Working on the Public Health team at The Cloudburst Group, I often see statistics on the insidious pervasiveness of addiction and the painful abuse of drugs. According to the CDC, overdose deaths from prescription opioids have quadrupled since 1999, claiming the lives of more than 183,000 people from 1999–2015. It can be hard to comprehend numbers like that without a visualization or until it hits home. For me, six is a more powerful number. In the past five years alone, I have seen half a dozen people in my life die from this epidemic.
“We need to look at what the root behavioural health causes are and how to address those.”
Six people, with six different faces of the epidemic showing through them. They were athletes and graduates with jobs and whole lives ahead of them—and now they are gone; part of the “spike in opioid deaths” headline that keeps coming up. But why does it have to keep being a headline? What are we doing to address this and stem the tide of deaths?
Opioids are small but pervasive, and their users can be any of us. Some of the worst cases are users that start on prescription drugs to treat injuries or chronic pain and turn to heroin as authorized prescriptions run out and addiction takes over. The fact is that if the opioid abuse epidemic does not have a direct impact on you or your family, then it probably has impacted someone you know.
The Center for Substance Abuse Prevention (CSAP) has a Partnerships for Success (PFS) program that provides eligible states and jurisdictions with funding so that state and local communities can focus on prevention work and start lowering the substance abuse rates statewide.
Another program exists under the Substance Abuse and Mental Health Services Administration (SAMHSA) in the form of their Grants to Prevent Drug/Opioid Overdose Deaths (PDO). As the name suggests, PDO grants focus on efforts to curb drug abuse and overdose deaths. We need to look at what the root behavioural health causes are and how to address those.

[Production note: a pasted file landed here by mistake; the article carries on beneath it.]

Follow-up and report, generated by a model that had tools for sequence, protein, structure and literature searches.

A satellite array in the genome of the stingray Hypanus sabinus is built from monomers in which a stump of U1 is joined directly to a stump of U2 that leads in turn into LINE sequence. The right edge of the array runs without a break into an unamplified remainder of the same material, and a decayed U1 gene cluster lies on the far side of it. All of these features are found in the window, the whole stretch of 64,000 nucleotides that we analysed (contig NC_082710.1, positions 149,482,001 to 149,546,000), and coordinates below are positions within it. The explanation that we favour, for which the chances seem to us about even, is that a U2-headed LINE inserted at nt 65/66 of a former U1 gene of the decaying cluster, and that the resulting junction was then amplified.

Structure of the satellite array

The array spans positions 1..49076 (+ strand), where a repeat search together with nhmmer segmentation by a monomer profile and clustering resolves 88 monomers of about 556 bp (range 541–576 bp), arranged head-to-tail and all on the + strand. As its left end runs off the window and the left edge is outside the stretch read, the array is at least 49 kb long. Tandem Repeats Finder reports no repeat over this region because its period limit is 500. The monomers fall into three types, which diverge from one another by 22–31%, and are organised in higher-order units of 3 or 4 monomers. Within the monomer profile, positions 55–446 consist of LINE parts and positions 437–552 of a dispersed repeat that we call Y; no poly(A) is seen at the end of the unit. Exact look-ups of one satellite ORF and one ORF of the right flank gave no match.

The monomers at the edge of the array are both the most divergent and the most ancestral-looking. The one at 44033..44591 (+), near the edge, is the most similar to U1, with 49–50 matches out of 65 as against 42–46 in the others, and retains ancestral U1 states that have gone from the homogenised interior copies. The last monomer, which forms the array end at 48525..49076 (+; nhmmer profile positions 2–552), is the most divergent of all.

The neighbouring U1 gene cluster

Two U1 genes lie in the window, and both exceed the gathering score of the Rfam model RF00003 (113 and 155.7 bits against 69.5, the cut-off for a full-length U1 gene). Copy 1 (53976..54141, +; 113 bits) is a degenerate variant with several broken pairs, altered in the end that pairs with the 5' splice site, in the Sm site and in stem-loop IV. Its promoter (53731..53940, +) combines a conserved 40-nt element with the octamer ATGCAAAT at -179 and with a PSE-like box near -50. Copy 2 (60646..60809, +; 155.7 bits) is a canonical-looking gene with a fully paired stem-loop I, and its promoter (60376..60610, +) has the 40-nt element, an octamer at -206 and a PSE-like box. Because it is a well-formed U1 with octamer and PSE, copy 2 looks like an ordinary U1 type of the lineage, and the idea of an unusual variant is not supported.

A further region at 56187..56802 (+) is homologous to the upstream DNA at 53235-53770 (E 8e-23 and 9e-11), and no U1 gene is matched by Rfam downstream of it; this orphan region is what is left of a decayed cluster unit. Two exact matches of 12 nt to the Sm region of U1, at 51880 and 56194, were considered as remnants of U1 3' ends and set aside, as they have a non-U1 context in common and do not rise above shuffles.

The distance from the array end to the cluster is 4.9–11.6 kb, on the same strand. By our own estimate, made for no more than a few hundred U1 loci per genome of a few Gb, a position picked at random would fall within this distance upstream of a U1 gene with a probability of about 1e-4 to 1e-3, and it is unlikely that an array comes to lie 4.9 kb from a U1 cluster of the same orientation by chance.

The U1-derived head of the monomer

Ending an epidemic always involves a multi-pronged strategy that includes both prevention and intervention. One example of intervention is the Naloxone distribution program, operating under one of the PDO grants. It enables first responders to an active crisis scene to administer opioid antagonists to the patient—basically acting as an antidote in the system. With the rising opioid death toll, the importance of developing and implementing carefully thought-out strategies and creative solutions cannot be stressed enough.
At The Cloudburst Group, we offer logistical support to programs like PFS as well as providing qualitative research efforts, including data collection and analysis on opioid overdose prevention efforts across the nation.
Cloudburst’s work on PDO grants helps federal, state, and local governments measure and gauge the impact of the program’s effectiveness on local communities and sub-populations, as well as barriers and facilitators to program implementation, enabling the program to continue to strengthen the battle against opioid abuse. While no one person among us can end the opioid epidemic, as organizations, communities, and individuals, we can, however, educate ourselves about the crisis at hand and work together to end it.
– By Jake LaSala
Public Health Jr. Analyst and Housing Project Coordinator